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The Visitation of the Blessed Virgin Mary
2 July, New Testament (One Year Lectionary)
This major Christological feast commemorates the joyous visit Mary paid to her relative (probably her cousin) Elizabeth, following The Annunciation
. Inspired by the amazing news that she was to become the mother of the Christ and in response to the joyous word that her old and previously barren kinswoman was also pregnant, she joined Elizabeth during her sixth month of pregnancy
(see Luke 1:39-56
After Mary declared the wondrously good news, Elizabeth replied to the Virgin, "Blessed are you among women, and blessed is the fruit of your womb! ... Behold, when the sound of your greeting came to my ears, the baby in my womb leaped for joy. (vv. 42, 44
)" She concluded by giving full credit and glory to God while also commending her young cousin's hearty faith: "Blessed is she who believed that there would be a fulfillment of what was spoken to her from the Lord. (av. 45
Mary responded with the Magnificat
, the beautiful song of praise beginning, "My soul magnifies the Lord. (vv. 46-55
)" It's not clear whether Mary stayed there until after the birth of John
or if she left immediately beforehand; Luke merely said that the Virgin "remained with her about three months and returned to her home. (v. 56
And so, as we encounter God sending the Forerunner and the Messiah into the world, we see a study in contrasts. Two women stand before each other. One seemingly too old to bear children now carries the final prophet of the Old Covenant. The other, youthful and as yet unwed — completely unprepared in the eyes of the world — carries the One who brings both the Advent and the Fulfillment of the New Testament. And again we see, in the fullness of time, one age passing away while another age begins — an age that has no end but which lasts unto eternity.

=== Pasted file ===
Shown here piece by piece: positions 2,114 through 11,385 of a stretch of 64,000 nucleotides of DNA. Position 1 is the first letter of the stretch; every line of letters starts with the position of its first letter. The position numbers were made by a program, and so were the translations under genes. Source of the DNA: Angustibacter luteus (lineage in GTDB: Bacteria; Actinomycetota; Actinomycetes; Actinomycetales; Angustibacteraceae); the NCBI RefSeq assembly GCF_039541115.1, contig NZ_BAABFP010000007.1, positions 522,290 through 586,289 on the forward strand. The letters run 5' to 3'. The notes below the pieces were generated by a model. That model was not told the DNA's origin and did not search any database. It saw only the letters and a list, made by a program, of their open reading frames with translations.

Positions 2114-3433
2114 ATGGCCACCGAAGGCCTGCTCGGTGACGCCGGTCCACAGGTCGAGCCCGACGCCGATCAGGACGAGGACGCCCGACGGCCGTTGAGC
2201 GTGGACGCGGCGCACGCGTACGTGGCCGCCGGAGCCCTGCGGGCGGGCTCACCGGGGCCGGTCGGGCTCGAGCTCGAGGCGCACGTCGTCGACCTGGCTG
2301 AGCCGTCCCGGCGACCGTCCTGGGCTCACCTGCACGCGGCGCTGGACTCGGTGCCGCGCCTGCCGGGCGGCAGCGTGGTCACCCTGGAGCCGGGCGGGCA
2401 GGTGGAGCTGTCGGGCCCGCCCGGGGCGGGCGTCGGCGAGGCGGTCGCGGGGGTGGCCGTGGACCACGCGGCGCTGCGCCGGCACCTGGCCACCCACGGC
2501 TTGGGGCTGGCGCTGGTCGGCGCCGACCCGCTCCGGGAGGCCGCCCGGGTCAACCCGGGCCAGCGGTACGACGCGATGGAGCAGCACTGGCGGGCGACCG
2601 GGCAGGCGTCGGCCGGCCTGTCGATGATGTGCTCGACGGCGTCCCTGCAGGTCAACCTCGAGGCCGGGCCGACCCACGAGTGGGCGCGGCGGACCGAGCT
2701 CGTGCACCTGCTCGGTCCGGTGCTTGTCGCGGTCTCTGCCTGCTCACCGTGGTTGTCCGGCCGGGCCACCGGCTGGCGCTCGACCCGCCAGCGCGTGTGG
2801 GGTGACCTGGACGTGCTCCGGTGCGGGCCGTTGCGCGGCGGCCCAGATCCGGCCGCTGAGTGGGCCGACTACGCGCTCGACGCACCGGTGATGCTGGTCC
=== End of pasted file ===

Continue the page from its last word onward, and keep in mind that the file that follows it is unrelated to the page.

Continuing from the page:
The reaction of Jesus' unborn cousin and the words of his mother also serve as reminders to many Christians about the sanctity of life. Christian pro-lifers point to John's celebration as clear evidence of the humanity and the consciousness of children who are still in utero
In Roman Catholicism, Vatican II changed the date of the observation from 2 July to 31 May in order to more accurately reflect the Bible's chronology regarding the life of Christ. Several other Western churches followed suit. In The Lutheran Church —Missouri Synod
, today is celebrated in the One Year Lectionary while the Three Year Lectionary moves the feast date to 31 May.
Note: This illustration by Albrecht Dürer is from the Web Gallery of Art.
Almighty God, You chose the virgin Mary to be the mother of Your Son and made known through her Your regard for the poor and lowly and despised. Grant that we may receive Your Word in humility and faith, and so be made one with Jesus Christ, Your Son, our Lord, who lives and reigns with You and the Holy Spirit, one God, now and forever.
My soul magnifies the Lord,
and my spirit rejoices in God my Savior,
for He has looked on the humble estate of his servant.
For behold, from now on all generations will call me blessed;
for He who is mighty has done great things for me,
and holy is His name.
And His mercy is for those who fear Him
from generation to generation.
He has shown strength with His arm;
He has scattered the proud in the thoughts of their hearts;
He has brought down the mighty from their thrones
and exalted those of humble estate;
He has filled the hungry with good things,
and the rich He has sent empty away.
He has helped His servant Israel,
in remembrance of His mercy,
as He spoke to our fathers,
to Abraham and to his offspring forever.
Labels: christianity, christology, church history, elizabeth, feasts, festivals, gospels, jesus, john the baptist, luke, magnificat, mary, new testament, visitation